Enforcing existing deportation laws to perhaps double the effects of current enforcement.

Deportations reduce our illegal alien population directly. They also discourage illegal entry into the United States in the first place, and they encourage illegal aliens already here to leave voluntarily. As of now, we deport less than 4% of the illegal alien population each year (despite 100% of that population being legally eligible for deportation). Under current policy, large numbers of people who are identified by law enforcement as probable illegal aliens are never placed into deportation proceedings. And large numbers of those who are subjected to proceedings and ordered deported abscond or are otherwise allowed by the federal government to avoid their deportation orders. A President could perhaps double the number of illegal aliens who leave the country as a result of existing detection without any change in law by Congress by increasing cooperation between local law enforcement and the feds, by reducing the opportunities for illegal aliens to abscond after deportaton orders and by requesting that Congress provide more funds for ICE agents, immigration judges and detention capacity.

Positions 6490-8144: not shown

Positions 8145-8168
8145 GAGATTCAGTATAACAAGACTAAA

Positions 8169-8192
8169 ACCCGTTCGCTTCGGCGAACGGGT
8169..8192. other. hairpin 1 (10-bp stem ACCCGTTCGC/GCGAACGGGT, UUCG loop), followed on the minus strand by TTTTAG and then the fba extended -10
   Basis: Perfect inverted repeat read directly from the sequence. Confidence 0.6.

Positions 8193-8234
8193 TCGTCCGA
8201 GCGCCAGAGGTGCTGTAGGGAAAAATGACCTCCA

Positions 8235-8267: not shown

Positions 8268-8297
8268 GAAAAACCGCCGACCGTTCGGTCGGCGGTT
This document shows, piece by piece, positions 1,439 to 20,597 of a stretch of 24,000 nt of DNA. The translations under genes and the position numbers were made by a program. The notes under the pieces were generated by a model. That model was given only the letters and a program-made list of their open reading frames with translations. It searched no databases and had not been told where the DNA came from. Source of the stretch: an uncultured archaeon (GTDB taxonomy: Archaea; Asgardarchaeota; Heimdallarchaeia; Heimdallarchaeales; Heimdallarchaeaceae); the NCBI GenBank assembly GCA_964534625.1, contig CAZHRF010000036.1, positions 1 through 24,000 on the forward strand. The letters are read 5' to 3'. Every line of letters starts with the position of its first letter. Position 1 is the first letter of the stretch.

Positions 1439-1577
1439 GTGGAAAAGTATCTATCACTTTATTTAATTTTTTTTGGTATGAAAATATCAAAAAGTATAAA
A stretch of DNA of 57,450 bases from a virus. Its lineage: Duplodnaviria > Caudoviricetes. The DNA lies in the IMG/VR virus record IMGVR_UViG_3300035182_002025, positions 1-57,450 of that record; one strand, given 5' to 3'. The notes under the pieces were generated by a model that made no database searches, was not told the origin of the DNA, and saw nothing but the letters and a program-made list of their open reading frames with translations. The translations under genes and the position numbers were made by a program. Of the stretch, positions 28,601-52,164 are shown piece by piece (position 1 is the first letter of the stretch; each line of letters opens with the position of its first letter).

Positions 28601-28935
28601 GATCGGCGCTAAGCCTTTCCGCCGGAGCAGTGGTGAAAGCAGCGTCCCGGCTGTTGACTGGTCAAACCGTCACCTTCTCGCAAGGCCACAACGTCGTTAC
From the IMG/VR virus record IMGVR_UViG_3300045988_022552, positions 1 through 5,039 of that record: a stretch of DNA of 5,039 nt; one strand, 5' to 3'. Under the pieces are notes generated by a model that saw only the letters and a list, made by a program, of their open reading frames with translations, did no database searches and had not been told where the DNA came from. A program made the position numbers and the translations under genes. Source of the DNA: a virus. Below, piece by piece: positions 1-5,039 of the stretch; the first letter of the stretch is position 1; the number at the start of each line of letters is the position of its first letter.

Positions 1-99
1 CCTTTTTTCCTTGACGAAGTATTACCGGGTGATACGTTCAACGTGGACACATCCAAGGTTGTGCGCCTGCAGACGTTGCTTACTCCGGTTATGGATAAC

When U.S. Rep. Barbara Jordan (D-Tex.) chaired President Clinton's commission on immigration, she aptly summarized the need for deportations to be part of improved immigration policy: "Credibility in immigration policy can be summed up in one sentence: those who should get in, get in; those who should be kept out, are kept out; and those who should not be here will be required to leave. ... (F)or the system to be credible, people actually have to be deported at the end of the process."

There you have it:


ROY BECK is the CEO & Founder of NumbersUSA